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Today's Features

  • Little Mount Baptist holds vacation Bible school
    Little Mount Baptist Church is hosting its Vacation Bible School for children 3 years through 9th grade July 6-10, with family night on July 11. This year’s VBS theme is Agency D3, where children will discover, decide and defend faith in Jesus Christ.
    VBS will be held from 6-8:30 nightly, with lots of food and fun. The community is invited to attend.

  • Here it is again, the Fourth of July, Independence Day. Every year we set aside this day for families to gather, for fireworks to fly, to simply celebrate the freedom that all Americans share.
    Our freedoms were won with the blood and toil of our founding fathers. Our freedoms have been maintained with the sacrifices of hundreds of thousands since. We have learned to apply our freedoms to men and women of all races, though we struggle with those things still.

  • Cattle numbers in the United States are the lowest they have been in more than 50 years.
    “There has always been variation in cattle inventory from year to year,” said Kenny Burdine, agricultural economist with the University of Kentucky College of Agriculture, Food and Environment. “There was an upward trend from the 1930s to the 1970s, followed by a sharp and then more gradual reversal that has continued through today.”

  • Little Mount Baptist holds vacation Bible school
    Little Mount Baptist Church is hosting its Vacation Bible School for children 3 years through 9th grade July 6-10, with family night on July 11. This year’s VBS theme is Agency D3, where children will discover, decide and defend faith in Jesus Christ.
    VBS will be held from 6-8:30 nightly, with lots of food and fun. The community is invited to attend.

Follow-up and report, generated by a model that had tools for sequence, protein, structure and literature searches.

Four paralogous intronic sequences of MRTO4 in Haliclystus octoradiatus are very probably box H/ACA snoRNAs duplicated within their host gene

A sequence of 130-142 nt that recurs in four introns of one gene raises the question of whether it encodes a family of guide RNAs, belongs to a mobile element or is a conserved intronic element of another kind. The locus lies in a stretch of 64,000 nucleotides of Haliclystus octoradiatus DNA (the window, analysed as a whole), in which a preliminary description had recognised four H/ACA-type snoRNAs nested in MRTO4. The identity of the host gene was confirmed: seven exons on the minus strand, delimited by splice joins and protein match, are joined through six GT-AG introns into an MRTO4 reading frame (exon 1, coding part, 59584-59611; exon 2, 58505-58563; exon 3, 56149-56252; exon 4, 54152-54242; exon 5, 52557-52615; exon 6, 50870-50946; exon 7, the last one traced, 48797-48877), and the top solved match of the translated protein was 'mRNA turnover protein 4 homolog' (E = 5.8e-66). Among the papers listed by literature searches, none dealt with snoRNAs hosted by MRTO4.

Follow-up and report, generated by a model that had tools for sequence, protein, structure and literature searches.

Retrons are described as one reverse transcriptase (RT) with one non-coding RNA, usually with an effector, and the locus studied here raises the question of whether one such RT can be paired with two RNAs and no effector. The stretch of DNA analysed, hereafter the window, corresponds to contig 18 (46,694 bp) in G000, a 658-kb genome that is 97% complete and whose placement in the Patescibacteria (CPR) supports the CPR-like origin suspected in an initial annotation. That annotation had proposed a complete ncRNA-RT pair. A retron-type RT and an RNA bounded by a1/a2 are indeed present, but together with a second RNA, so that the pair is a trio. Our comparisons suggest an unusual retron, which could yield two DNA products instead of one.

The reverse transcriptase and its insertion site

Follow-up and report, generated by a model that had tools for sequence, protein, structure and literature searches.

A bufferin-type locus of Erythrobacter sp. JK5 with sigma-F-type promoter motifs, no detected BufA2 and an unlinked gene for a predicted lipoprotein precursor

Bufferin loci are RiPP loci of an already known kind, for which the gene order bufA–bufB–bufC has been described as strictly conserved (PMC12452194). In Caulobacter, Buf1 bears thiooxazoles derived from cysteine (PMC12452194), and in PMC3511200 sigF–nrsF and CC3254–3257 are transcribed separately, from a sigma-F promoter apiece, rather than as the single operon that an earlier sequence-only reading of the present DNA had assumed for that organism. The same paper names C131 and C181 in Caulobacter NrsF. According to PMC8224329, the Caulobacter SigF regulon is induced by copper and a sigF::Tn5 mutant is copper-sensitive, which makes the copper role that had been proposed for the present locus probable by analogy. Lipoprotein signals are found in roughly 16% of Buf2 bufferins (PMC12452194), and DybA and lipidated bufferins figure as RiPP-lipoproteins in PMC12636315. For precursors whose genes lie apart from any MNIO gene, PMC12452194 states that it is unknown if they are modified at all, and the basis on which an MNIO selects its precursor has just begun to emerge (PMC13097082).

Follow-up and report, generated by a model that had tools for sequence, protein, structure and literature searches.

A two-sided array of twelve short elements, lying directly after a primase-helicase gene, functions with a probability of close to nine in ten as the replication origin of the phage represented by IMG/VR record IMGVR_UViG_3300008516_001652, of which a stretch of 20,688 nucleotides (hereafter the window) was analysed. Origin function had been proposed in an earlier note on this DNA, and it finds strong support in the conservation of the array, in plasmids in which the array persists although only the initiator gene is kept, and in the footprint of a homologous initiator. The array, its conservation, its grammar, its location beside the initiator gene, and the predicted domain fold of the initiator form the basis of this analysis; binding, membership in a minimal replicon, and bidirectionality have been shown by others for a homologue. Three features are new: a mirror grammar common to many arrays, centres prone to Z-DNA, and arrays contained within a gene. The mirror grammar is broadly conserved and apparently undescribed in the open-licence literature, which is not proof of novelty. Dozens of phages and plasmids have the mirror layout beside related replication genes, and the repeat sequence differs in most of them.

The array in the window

• A Reading from St. John Chapter 8:

  • Powdery mildew is probably the most common garden fungus around. It is not too terribly picky about where it spreads, it likes humid weather, thrives in the heat of the summer and is hard to control once it has started. The trick here is to prevent it from happening by proper plant selection, spacing, pruning and treatment before it spreads.

  • Daniel Boone was Kentucky’s most famous frontiersman, but a historian says he did not get proper credit for being an accomplished land surveyor, and was the unfortunate victim of a misnomer that made him appear a bumbling backwoodsman.
    Author-historian Neal Hammon of Shelby County says Boone was the leader of the westward movement and his land surveys show he knew what he was doing. Hammon has studied Boone’s surveys and doesn’t buy the often-heard allegation that the explorer lost his own land claims because of inattention or ineptness.

  • 60 Years Ago
    June 17, 1954

    SPENCER HELPS BOOST USE OF FERTILIZER
    Spencer county farmers helped boost Kentucky’s total fertilizer use in 1953 to 563,228 tons, reports the Middle West Soil Improvement Committee. The statement is based on compilations by the University of Kentucky’s Department of Feed and Fertilizer.
    The use of fertilizer on Kentucky farms has increased nearly sevenfold since 1940, according to the committee.